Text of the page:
It is very difficult to talk about being sexually assaulted and many choose not to report the assault. However, a survivor may reach out to their friends to talk about the assault or for help. You may experience a variety of emotions while hearing that a friend or loved one has been assaulted. It is generally not helpful for healing to occur if you vent your anger or disbelief, attempt to take charge of the situation, make a judgement about the assault or make decisions for your friend. What is often most helpful is offering support, patience and assisting them to get professional support.
Nothing you can do will take away the pain of the assault but your support and concern can help with their recovery.
Guidelines for Helping
- Listen. If they want to discuss the assault with you, let them talk. Follow their lead and do not ask detailed questions about the assault or push for details. Understand it is not your responsibility to fix the situation.
- Ask them how you can help. There are simple actions that can be very helpful — offering to walk them to/from class, accompanying them to the dining center, etc. Ask them what they need.
- Validate their experience by expressing that you are sorry that this happened to them.
- Don’t blame the individual who experienced the assault/violence. No matter what they did or did not do, what they were wearing, where they were or how much they had to drink. No one “deserves” to be assaulted. No one is responsible for someone else’s behavior. Many often blame themselves and need to know it was not their fault.
- Encourage them to get medical attention and other needed services. Do not push or make decisions for them. It is important that they re-establish a sense of personal control and trust in their own judgement. Make them aware of resources and offer assistance in accessing needed services. Actively encourage them to seek services or additional support from the Campus Victim Advocate.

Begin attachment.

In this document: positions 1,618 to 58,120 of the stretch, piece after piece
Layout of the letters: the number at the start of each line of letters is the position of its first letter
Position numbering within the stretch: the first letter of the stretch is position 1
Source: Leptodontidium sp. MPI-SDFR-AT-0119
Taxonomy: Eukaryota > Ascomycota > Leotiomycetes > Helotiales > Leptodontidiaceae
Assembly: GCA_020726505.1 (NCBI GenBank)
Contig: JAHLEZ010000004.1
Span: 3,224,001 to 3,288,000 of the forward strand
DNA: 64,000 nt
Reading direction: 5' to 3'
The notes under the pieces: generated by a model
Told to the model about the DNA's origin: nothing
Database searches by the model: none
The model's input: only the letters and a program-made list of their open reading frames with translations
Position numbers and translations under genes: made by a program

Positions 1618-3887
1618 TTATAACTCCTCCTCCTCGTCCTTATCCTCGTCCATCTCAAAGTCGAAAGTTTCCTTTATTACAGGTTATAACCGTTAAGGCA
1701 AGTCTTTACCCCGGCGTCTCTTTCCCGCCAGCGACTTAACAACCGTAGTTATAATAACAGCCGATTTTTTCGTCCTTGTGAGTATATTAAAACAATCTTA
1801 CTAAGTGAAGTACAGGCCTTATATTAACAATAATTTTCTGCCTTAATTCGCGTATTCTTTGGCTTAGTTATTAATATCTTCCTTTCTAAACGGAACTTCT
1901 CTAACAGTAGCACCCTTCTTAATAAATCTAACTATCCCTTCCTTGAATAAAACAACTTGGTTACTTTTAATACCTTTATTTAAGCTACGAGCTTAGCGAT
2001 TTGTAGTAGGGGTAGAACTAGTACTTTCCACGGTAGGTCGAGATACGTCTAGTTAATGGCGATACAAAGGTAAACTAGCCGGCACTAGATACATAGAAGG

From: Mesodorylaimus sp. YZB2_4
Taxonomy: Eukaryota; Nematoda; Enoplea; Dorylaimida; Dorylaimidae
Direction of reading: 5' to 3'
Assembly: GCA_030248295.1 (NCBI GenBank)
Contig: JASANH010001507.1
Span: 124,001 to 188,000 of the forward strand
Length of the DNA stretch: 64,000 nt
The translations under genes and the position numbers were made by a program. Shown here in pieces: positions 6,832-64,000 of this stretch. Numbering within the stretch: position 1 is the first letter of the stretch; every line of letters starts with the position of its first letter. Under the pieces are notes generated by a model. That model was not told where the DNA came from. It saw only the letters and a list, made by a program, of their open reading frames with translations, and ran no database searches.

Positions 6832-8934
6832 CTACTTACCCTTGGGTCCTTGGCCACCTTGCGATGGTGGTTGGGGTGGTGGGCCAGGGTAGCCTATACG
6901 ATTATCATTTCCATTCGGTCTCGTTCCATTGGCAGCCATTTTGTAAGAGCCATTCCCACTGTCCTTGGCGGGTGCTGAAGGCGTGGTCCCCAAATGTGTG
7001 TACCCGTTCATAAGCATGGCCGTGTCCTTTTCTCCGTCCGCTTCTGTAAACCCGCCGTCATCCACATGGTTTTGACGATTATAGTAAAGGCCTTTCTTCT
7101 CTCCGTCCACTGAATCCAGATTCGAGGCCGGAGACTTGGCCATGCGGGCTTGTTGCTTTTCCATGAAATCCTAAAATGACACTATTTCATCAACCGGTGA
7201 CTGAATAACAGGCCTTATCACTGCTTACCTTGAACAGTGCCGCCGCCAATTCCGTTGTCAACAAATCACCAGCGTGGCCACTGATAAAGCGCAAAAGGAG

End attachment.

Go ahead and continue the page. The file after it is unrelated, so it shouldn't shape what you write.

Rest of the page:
- Understand survivors often feel ashamed and embarrassed about the assault. It takes a great deal of courage to speak out and talk with someone. Acknowledge their strength and the trust they place in you. Do not share the confidential information that they have told you with anyone else, unless the survivor has given you permission to do so.
- Be aware of your own feelings and concerns. Seek out support, such as talking to a counselor at the Counseling Center or in the community for dealing with your own feelings about your friend’s experience.
What can men do?
Sexual assault is not just a women’s issue, it impacts all genders.
As a man, it is likely that you will know someone who is a survivor of sexual assault — a friend, family member, partner.
- Although most survivors are female, approximately 5% of survivors are male. Men are assaulted by other men and sometimes by women. It is important that male survivors seek services and talk with someone about what has happened. Free and confidential services are available.